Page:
I was doing a kind of "inventory" in my kitchen cupboard and found a bag of polenta. What to do with that now...? As there was nothing planned for dinner I decided to make something using that beautiful, yellow thing sitting so long at the back of the shelf. I was really surprised by the texture - soft but holding the shape firmly. Also the taste of corn was there, but it wasn't overpowering (which I thought would be the case...). The dish turned out as a very nice, delicious and light meal. And it smelled sooo appetizing :) Are you using polenta in your kitchen? How would you cook/bake/fry it?


"Polenta is cornmeal boiled into a porridge and eaten directly or baked, fried or grilled. The term is of Italian origin, derived from the Latin for hulled and crushed grain (especially barley-meal). Before the introduction of corn from the New World in the 16th century, polenta was made with such starchy ingredients as farrochestnut flour, milletspelt or chickpeas." - by Wikipedia.org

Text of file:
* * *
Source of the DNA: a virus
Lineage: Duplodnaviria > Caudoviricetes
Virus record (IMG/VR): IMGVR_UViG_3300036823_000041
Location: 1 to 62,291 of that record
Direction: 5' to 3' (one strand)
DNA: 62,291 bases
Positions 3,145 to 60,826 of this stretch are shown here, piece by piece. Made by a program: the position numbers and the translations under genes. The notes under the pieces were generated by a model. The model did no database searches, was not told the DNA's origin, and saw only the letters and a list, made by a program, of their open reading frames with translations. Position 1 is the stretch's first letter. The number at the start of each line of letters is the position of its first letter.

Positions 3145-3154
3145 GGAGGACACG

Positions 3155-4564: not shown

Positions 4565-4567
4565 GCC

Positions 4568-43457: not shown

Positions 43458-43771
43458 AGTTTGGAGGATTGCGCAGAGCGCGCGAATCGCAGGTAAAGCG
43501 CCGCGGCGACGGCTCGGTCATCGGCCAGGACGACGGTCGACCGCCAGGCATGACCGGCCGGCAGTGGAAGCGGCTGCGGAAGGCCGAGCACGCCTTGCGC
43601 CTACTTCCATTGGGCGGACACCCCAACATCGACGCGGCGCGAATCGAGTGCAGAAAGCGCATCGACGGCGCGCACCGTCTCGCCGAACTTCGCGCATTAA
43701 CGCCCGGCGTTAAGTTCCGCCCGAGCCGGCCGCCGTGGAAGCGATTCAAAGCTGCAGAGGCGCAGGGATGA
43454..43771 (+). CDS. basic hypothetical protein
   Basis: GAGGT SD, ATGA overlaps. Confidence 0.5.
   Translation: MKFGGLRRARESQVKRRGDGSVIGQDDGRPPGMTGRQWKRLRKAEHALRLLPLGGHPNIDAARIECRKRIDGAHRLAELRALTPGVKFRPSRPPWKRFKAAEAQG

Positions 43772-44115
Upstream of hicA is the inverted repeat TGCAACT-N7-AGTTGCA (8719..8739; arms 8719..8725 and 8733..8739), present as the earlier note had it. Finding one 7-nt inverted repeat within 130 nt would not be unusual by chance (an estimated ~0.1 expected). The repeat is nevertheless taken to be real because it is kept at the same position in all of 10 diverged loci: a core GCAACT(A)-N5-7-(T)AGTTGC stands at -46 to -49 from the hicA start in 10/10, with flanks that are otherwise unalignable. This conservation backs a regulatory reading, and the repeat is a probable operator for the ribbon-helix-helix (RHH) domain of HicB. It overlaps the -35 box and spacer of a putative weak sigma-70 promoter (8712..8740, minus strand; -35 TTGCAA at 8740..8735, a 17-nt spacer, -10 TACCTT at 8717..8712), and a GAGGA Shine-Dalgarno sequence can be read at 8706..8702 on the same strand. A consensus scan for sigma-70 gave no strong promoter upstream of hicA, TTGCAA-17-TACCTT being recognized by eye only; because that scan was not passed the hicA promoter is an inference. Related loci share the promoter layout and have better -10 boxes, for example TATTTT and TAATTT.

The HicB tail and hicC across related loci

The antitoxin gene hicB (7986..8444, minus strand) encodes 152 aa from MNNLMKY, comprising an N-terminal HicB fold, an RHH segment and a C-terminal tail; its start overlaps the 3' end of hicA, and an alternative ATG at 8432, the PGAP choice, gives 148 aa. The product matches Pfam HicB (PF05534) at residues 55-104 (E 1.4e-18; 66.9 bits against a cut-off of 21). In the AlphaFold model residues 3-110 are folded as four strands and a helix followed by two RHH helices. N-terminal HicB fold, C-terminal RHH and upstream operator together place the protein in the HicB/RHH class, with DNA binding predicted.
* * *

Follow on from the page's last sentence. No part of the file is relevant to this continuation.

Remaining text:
How to make it...

Tuesday, February 04, 2014

Irish tea bread / brack...

I love cakes, cakes with sultanas and mixed peel in them, cakes that aren't plain, cakes that have a little "kick" in them (some spices), cakes that aren't difficult to make and won't take hours sweating over them, cakes that I can enjoy with my coffee, cakes that I can easily pack into my lunch box, cakes that my two little Angels will eat.
The below - Irish tea cake/brack - ticks all above boxes! :) Hope you'll give it a go too!